I had mine not-so-long-ago. In year nine, if we are also being precise. On first impulse, I toyed with the idea of venturing out to look for new pastures. But I was hesitant, fact being that I’m three children in, and my body’s been their playground for almost a decade.
In this deeply personal and moving essay, Manish Gaekwad talks about his experiences of growing up in a brothel and being queer
I was five when the boys started petting me and kissing me in places other than my flushed cheeks. Once, when I was at home in Kolkata, a lady peeped through the door and saw that a boy older than me was lying on top of me and rubbing himself vigorously in ways that adults do. He must have seen someone do it to his mother. He was trying to replicate it to see where it goes.
It went sore.
His mother thrashed him. My mother thrashed me. I did not understand why I was being beaten for doing nothing. I was merely lying down and I don’t recollect how I got there. I did not have words then to express what I felt. I sensed that what was giving the boy pleasure was not acceptable to adults.
Soon, I too got a taste of that pleasure.
We were disappearing behind curtains, playing hide and seek in the afternoon when the women were sleeping after lunch. We were kissing and fondling behind those curtains, in plain sight of the very women who had objected to it. A boy once pulled my trousers down and shoved his face in my crotch. Another time he spooned me under a quilt where we were hiding to be startled. My body tingled with the thrill of these secret games. The games children saw adults play through peep holes.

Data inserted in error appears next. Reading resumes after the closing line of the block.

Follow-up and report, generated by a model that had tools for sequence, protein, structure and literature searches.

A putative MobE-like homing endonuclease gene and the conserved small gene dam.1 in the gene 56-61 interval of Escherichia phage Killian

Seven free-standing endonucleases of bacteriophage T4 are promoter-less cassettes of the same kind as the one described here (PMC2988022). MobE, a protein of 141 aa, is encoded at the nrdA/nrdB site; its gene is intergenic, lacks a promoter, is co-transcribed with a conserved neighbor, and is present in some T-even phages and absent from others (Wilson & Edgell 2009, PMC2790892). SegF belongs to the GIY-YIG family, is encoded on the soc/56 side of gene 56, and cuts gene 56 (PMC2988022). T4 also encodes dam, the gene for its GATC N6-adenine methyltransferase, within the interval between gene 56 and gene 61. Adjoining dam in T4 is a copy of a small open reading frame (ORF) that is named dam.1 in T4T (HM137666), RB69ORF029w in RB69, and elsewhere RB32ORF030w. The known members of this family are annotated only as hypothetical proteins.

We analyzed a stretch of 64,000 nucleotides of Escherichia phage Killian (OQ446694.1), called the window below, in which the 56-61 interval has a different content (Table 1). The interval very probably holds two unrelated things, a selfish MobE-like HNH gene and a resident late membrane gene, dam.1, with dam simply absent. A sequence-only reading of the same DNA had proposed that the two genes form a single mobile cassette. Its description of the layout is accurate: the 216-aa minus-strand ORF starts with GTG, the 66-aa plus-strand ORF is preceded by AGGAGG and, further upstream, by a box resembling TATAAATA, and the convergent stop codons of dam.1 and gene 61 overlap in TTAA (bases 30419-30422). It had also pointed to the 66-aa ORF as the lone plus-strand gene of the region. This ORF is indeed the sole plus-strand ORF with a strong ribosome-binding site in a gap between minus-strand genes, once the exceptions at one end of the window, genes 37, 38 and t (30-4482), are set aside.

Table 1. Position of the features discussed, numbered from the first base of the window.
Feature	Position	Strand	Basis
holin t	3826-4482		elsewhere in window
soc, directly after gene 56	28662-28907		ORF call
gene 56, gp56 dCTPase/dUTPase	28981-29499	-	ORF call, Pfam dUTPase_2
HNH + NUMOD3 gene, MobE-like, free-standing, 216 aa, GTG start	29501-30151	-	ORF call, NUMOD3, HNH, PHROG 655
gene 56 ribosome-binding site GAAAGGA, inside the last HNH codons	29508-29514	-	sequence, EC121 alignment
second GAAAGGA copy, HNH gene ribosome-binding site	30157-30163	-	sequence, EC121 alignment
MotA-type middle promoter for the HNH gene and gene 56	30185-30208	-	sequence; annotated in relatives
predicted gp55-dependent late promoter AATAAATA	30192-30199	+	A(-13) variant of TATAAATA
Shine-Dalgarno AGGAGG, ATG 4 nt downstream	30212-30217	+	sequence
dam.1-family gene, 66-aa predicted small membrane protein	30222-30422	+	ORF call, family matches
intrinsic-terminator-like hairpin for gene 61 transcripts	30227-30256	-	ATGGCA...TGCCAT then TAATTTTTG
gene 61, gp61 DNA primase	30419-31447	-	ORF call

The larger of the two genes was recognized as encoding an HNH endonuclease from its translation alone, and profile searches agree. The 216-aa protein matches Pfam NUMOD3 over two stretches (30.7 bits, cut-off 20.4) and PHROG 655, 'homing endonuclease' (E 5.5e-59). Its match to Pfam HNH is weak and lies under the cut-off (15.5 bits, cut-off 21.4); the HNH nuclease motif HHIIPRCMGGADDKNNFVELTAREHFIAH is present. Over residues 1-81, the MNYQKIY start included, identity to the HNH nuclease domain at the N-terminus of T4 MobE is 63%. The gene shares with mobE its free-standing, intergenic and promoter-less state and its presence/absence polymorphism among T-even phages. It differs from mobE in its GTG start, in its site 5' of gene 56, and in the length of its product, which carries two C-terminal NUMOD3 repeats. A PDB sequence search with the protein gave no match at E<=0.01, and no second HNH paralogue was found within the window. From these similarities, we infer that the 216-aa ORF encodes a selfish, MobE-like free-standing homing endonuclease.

For the longest time I took pride in the fact that I would listen to only Begum Akhtar and the like. I took pride in naming several world movies and having remembered their directors. But what is not on record is that I started reading fairly late into my teenage years and started out with a railway copy of Bhagat’s Two States during my high school years, which I discreetly disposed of on my bookshelf in my later years.
My journey to develop a ‘refined taste’ was a rather self-imposed one; the one where I decided not to listen to certain genres of music, or avoid watching certain films. This intent to culturally ‘polish myself up’ was my regular homework, which was led by an unconscious need to fit into certain sects of society and a need to appease an imaginary audience.